During a media event, Cline elaborated on whether more corporate-owned hotels could be identified for renovations. “Could there be another list? Likely. Is it 50? At this level of spend, probably not another 50 that will look like these, but there could be another subset that has a different flavor to it,” he said. With regard to the possibility of more sales, he added, “We’re going to have an ongoing prune and plant strategy. A lot of them are cases where we’re selling corporate hotel and, at the same time, maybe even with the same person, selling a franchise in that market. Over the past several years, we’ve continually done that with our owned hotels. I would imagine that likely would occur in ’17 as well.”
Additionally, the company has also focused on hotels that have fallen behind. Last year, it introduced brand experience consultants, who visit locations that are falling short. “During the last year, the properties they visited showed growth in service quality, product quality and net promoter scores at a higher rate than the brand average,” said Raj Trivedi, EVP and chief development officer. “However, sadly there are still some that don’t elevate… We will not shy away from making tough decisions when it comes to protecting our brand’s best interest. In many markets where we sold our company-owned assets, or terminated franchise hotels, they are being replaced by new-construction Del Sol design or a qualified conversion.”
Trivedi also introduced LQ Up, a new program designed to elevate the guest experience “through better bathroom amenities, an expanded breakfast offering, providing a Bright Side Market and redesigned public space to create a great room theme at all hotels as they renovate.” Better bathroom amenities will include new Pantene products in place of the 2-in-1 shampoo and conditioner used now, while the expanded breakfast offering will include eggs, a meat item, oatmeal, yogurt with additional toppings, muffins, fresh fruit, waffles with additional toppings and regional items, such as biscuits or grits. La Quinta is also making a transition to brewed coffee, including a dedicated serving area 24/7.
Cantele tied the enhanced amenities in with the ongoing renovations. “The renovation and repositioning strategy is part of the essence of the bigger plan we have for our brand. This isn’t only about renovations. To varying degrees, our plan is to elevate every one of our hotels on some level,” he said.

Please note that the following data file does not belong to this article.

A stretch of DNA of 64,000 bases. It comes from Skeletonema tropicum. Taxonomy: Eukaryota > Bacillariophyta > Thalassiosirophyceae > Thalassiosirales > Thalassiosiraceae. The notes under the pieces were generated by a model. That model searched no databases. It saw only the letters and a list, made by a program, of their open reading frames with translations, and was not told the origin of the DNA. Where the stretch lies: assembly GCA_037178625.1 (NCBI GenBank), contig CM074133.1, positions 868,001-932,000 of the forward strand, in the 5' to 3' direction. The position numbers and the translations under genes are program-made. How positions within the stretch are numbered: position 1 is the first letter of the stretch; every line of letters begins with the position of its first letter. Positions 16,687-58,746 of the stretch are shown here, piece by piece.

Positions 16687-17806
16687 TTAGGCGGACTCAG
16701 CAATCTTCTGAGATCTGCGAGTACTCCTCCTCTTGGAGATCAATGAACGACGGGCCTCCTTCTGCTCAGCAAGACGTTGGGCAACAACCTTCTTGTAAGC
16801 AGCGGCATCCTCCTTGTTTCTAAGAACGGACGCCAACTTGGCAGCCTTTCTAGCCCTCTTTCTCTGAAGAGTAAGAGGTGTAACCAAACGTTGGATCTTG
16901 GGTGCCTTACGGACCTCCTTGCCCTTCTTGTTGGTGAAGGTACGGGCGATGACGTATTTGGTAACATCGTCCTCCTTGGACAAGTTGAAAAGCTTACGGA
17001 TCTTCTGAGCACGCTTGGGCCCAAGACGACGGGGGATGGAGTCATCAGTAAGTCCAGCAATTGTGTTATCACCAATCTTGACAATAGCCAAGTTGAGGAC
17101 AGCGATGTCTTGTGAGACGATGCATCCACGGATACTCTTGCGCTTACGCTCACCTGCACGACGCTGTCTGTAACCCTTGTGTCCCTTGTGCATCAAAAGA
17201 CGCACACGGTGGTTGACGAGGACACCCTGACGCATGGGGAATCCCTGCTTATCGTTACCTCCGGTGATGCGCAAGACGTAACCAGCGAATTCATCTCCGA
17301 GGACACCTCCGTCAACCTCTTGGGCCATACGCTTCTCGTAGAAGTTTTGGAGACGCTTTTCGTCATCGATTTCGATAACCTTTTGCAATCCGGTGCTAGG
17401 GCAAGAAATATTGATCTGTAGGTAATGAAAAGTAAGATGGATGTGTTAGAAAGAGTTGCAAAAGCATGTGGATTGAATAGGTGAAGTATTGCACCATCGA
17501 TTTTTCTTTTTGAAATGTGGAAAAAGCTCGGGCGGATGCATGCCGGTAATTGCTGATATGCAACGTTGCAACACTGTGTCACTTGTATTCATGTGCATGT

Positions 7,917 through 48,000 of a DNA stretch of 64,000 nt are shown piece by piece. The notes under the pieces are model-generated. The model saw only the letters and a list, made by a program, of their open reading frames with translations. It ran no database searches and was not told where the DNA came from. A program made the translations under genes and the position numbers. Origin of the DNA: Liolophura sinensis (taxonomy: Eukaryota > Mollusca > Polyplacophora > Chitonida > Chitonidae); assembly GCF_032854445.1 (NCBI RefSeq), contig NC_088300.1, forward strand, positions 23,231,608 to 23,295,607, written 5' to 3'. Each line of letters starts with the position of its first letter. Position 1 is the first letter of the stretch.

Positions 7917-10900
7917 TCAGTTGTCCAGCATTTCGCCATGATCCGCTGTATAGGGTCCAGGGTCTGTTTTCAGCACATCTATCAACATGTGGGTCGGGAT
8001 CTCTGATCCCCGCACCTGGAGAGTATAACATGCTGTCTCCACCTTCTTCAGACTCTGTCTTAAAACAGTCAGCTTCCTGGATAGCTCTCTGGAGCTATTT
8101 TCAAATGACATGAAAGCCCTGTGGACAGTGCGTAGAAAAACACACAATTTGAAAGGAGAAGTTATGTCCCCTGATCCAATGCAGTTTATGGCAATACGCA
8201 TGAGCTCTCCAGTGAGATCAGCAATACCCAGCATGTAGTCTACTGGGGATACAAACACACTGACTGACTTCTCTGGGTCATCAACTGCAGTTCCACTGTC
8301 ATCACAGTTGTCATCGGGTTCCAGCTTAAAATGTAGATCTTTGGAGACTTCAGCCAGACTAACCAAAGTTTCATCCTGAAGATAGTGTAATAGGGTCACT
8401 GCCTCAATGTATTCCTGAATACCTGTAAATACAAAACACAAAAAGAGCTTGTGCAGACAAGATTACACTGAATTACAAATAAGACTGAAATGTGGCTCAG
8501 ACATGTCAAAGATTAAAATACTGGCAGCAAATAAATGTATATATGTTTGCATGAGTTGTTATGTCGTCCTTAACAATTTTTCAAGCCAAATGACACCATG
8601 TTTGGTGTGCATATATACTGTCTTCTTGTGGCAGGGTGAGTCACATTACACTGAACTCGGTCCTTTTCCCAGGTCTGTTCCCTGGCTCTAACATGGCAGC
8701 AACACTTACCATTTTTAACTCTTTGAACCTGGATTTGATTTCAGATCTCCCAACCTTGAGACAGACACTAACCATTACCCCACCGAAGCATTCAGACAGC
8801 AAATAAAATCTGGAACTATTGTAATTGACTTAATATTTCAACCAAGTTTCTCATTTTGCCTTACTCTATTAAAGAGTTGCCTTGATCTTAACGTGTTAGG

In order to drive consistency, non-Del Sol properties will undergo enhancements to align better with the Del Sol prototype, focusing on the exterior, public spaces and guestroom, in addition to the amenities. “Our idea is to narrow the gap between the two generations of product,” Trivedi told members of the media. “Our design and construction teams spent a lot of time, finding an efficient way of incorporating those elements, colors, tiles, signage, etc., so that can allow us to make those properties fit into the modern look at a minimum cost to ourselves and our franchise partners. We started looking at various generations of our prototype as well as some generations of conversions we have, and put together a plan that would allow us to incorporate elements that come close to Del Sol and modernize the facility.”
Cline reflected on the strategy. “About a year ago, we talked about the new strategy we unveiled in terms of [our three strategic initiatives]. The plans we laid out many viewed as daunting, trying to accomplish a lot at once. It’s pretty foundational in terms of the mindset shift to accomplish all of these things and we’re extraordinarily encouraged that in 2016 the needle started moving pretty quickly. We gained a lot of momentum on all of the things we think are positive indicators that the strategies are working,” he said. “If you generally believe people in the lodging industry make selections based on experience, which I think we all do, then that metric is moving pretty meaningfully and obviously you’ll chase that back with market share gains on the street corner.”